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Ontario drivers will pay millions in extra insurance premiums because of delays in rewriting regulations that were supposed to bring relief from soaring rates that have made the province the most expensive place in Canada to operate a car.

Industry insiders say the delays are due to the provincial election called by Premier Ernie Eves for Oct. 2 and could introduce yet another wild card to a political race in which the rising cost of auto insurance has become an issue.

Just five days before he called the election, Mr. Eves announced the second part of an auto-insurance overhaul that promised rate cuts of up to 15 per cent. But yesterday, insurance industry officials learned that the provincial rules covering the changes won't be written until the election is over.

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"It's an unfortunate situation, but there's nothing we can do about it," said George Cooke, president and chief executive officer of the Dominion of Canada General Insurance Co., which insures nearly half a million Ontario drivers. "There were supposed to be savings to the consumer, but we don't have the rules yet, so there's nothing to be passed on. It's going to cost people a lot of money."

Regulators have ordered Ontario insurance companies to file for new rates by Sept. 30, to reflect the provincial measures, which are designed to reduce their costs by up to $600-million a year.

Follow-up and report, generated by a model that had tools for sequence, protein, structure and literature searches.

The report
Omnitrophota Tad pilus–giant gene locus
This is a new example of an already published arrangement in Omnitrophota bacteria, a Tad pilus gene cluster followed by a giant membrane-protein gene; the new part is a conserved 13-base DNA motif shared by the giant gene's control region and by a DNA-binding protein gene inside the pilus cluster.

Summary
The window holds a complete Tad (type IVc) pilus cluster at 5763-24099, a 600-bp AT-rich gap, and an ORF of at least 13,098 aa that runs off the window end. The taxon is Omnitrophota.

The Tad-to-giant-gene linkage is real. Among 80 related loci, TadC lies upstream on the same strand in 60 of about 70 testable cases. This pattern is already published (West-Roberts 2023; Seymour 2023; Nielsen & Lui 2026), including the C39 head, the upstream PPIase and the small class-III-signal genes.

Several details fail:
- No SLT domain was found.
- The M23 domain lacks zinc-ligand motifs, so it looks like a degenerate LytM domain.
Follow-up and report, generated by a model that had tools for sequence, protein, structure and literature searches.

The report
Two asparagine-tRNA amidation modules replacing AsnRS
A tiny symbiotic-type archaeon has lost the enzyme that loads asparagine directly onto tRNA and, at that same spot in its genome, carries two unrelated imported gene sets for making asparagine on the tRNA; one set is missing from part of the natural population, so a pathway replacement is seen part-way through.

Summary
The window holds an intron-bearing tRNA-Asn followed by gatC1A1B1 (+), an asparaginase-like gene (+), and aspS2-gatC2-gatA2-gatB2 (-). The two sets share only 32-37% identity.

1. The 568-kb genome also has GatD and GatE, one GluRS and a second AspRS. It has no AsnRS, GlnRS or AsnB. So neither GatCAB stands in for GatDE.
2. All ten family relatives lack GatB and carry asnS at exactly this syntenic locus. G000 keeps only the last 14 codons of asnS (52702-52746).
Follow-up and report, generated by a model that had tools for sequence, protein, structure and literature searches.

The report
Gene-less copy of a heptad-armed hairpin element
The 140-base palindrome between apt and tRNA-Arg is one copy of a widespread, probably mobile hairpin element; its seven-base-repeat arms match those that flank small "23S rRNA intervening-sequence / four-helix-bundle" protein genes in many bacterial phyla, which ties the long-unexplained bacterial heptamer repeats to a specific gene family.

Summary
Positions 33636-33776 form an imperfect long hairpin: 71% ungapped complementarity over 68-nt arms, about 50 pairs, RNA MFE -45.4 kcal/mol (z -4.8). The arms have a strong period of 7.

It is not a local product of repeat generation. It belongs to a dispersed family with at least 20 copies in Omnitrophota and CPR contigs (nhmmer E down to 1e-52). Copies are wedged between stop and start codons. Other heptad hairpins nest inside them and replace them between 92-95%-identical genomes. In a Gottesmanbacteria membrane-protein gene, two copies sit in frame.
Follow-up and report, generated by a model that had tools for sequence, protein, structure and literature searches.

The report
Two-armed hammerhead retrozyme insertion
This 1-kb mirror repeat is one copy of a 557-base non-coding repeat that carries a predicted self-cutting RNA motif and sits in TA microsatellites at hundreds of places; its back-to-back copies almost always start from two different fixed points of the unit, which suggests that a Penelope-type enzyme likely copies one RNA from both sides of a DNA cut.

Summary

But after learning that many of the rules won't be written until after the election, Mr. Cooke said, companies have no choice but to base their rates on the old rules.

"I can't really tell you who's to blame," he said. "All I can tell you is what the bottom line will be."

According to a report that will be released today by the Consumers Association of Canada, Ontario now has the highest car-insurance rates in the country. High rates have turned auto insurance into a volatile political issue that threatened to topple the Conservative governments of New Brunswick and Nova Scotia earlier this year.

Hoping to avoid the kind of consumer revolt that fuelled those near-upsets in Atlantic Canada, Mr. Eves announced two auto-insurance packages this summer. The measures include increased deductibles on payments to accident victims and rules aimed at curbing aggressive tactics used by lawyers and paralegals to extract large cash settlements from insurers.

Mr. Cooke estimated that the delay in implementing the new rules will add at least 7 per cent to the insurance bills of affected drivers. Although the rules covering the first set of changes are now in place, provincial officials announced yesterday that under the law, they can't write the rules covering the more recent changes until after the election. Spokesmen with Mr. Eves office could not comment on the situation last night.

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Mr. Cooke estimated that 75 per cent of the savings that will be realized from Mr. Eves's measures will come from the second set, which were announced in August.

Many insurance officials first learned of the delays yesterday, during a training session with the Financial Services Commission of Ontario, the provincial body that oversees the insurance industry in Ontario. FSCO officials said that it was illegal for them to rewrite rules announced by a provincial government once an election has been called.

Mr. Cooke said it's unfortunate that what appears to be a bureaucratic complication will hit drivers in the pocketbook.

"I've got the first chapter of the rule book," Mr. Cooke said. "But I don't have the second one. And that's the most important one."

Mr. Cooke said the impact of the delays will be probably noticed by drivers whose insurance comes up for renewal in mid-December. They will be saddled with the increased rates until their insurance comes up for renewal the following year, he said.

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